Firstly, all the following examples are not tied to any particular framework or library. Any matches in API call names are random and unintended.

    Secondly, in the examples below, there is no error handling. This was done deliberately, so that the slides turned out to be compact and visible. And also to fit the material in the time allotted for the report.

    Thirdly, the examples use a certain entity, execution_context, which contains information about what else exists inside the program. The content of this entity depends on the approach. With the case of the actors in the execution_context there will be links to other actors. In the case of CSP, in the execution_context there will be CSP-channels for communication with other CSP-processes. Etc.

    Approach # 1: Actors

    Pro Model Actors in a nutshell

    When using the Model of Actors, the solution will be built from separate objects-actors, each of which has its own private state and this state is inaccessible to anyone except the actor.

    Actors interact with each other through asynchronous messages. Each actor has its own unique mailbox (message queue) in which messages sent to the actor are saved and from where they are retrieved for further processing.

    Actors work on very simple principles:

    • an actor is an entity with behavior;
    • actors respond to incoming messages;
    • having received the message the actor can:
      • send some (finite) number of messages to other actors;
      • create a certain (final) number of new actors;
      • define for yourself a new behavior for handling subsequent messages.

    Inside the application, actors can be implemented in different ways:

    • Each actor can be represented as a separate OS thread (this happens, for example, in C ++ library Just :: Thread Pro Actor Edition);
    • each actor can be represented as a stackful coroutine;
    • Each actor can be represented as an object to which someone calls callback methods.

    In our decision, we will use the actors as objects with callbacks, and leave the coroutines for the CSP approach.

    Solution scheme based on Model Actors

    On the basis of the actors, the general scheme for solving our problem will be as follows:

    We will have actors that are created at the start of the HTTP server and exist as long as the HTTP server is running. These are such actors as: HttpSrv, UserChecker, ImageDownloader, ImageMixer.

    When we receive a new incoming HTTP request, we create a new instance of the RequestHandler actor, which will be destroyed after issuing a response to an incoming HTTP request.

    Actor code RequestHandler

    The implementation of the request_handler actor, which coordinates the processing of an incoming HTTP request, can have the following form:
    classrequest_handlerfinal :public some_basic_type {
       const execution_context context_;
       const request request_;
       optional<user_info> user_info_;
       optional<image_loaded> image_;
       voidon_user_info(user_info info);
       voidon_image_loaded(image_loaded image);
       voidon_mixed_image(mixed_image image);
       ... // вся специфическая для фреймворка обвязка.
    void request_handler::on_start() {
       send(context_.user_checker(), check_user{request_.user_id(), self()});
       send(context_.image_downloader(), download_image{request_.image_id(), self()});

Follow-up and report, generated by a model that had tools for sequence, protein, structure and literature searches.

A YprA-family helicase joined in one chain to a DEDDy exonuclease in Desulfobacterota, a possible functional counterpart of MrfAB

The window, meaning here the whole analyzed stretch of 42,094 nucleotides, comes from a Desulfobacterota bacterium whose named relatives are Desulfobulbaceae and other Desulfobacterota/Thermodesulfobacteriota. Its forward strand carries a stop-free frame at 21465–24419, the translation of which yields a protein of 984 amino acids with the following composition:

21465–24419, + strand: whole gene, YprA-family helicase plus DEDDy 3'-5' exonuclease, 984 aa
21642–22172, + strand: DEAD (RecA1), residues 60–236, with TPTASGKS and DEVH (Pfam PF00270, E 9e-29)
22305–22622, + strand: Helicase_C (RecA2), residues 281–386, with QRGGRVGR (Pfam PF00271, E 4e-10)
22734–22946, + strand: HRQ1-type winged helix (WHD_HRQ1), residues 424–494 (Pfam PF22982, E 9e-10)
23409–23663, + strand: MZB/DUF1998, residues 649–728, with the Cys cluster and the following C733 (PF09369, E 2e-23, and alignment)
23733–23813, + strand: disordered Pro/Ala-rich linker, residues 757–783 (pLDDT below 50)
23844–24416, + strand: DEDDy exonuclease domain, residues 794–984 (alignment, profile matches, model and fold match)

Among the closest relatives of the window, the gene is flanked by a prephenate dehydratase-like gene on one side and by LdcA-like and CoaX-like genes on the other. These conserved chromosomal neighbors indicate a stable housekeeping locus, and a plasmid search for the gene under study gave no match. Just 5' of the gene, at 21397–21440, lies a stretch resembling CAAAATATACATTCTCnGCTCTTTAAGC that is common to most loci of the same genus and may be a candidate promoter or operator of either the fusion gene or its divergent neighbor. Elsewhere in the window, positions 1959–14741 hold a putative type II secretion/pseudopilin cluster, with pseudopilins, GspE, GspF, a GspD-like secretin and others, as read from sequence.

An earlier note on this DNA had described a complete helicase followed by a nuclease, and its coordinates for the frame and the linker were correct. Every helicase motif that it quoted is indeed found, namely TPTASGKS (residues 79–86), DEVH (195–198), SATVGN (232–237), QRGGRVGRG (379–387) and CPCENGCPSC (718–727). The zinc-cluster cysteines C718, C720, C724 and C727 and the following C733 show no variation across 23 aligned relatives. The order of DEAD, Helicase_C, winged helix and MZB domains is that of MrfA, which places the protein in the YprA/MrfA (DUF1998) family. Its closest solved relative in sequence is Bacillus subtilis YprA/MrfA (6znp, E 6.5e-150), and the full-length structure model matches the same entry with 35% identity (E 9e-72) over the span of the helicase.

void request_handler::on_user_info(user_info info) {
       user_info_ = std::move(info);
    void request_handler::on_image_loaded(image_loaded image) {
       image_ = std::move(image);
    void request_handler::send_mix_images_request() {
             mix_images{user_info->watermark_image(), *image_, self()});
    void request_handler::on_mixed_image(mixed_image image) {
       send(context_.http_srv(), reply{..., std::move(image), ...});

    Let's break this code down.

    We have a class in the attributes of which we store or are going to store what we need to process the request. Also in this class there is a set of callbacks that will be called at one time or another.

    First, when the actor is just created, the on_start () callback is called. In it, we send two messages to other actors. The first is the check_user message to verify the client ID. Secondly, this is the download_image message for downloading the original image.

    In each of the sent messages, we pass a link to ourselves (calling the self () method returns a link to the actor for which you called self ()). This is necessary so that our actor can send a message in response. If we do not send the link to our actor, for example, in the check_user message, the UserChecker actor will not know who to send information about the user to.

    When a user_info message is sent to us with information about the user, the on_user_info () callback is called. And when an image_loaded message is sent to us, our actor is called by the on_image_loaded () callback. And inside these two callbacks we see a feature inherent in the Model Actors: we do not know exactly in which order the response messages will come to us. Therefore, we must write our code so as not to depend on the order of receipt of messages. Therefore, in each of the processors, we first store the received information in the appropriate attribute, and then we check, can we already have all the information we need? If so, then we can move on. If not, we will wait further.

    That is why we have if-s in on_user_info () and on_image_loaded (), which, when executed, call send_mix_images_request ().

    In principle, in implementations of the Model Actors there can be mechanisms like selective receive from Erlang or stashing from Akka, by means of which you can manipulate the order of processing incoming messages, but we will not talk about this today, so as not to go deep into the jungle of details of various implementations Actors.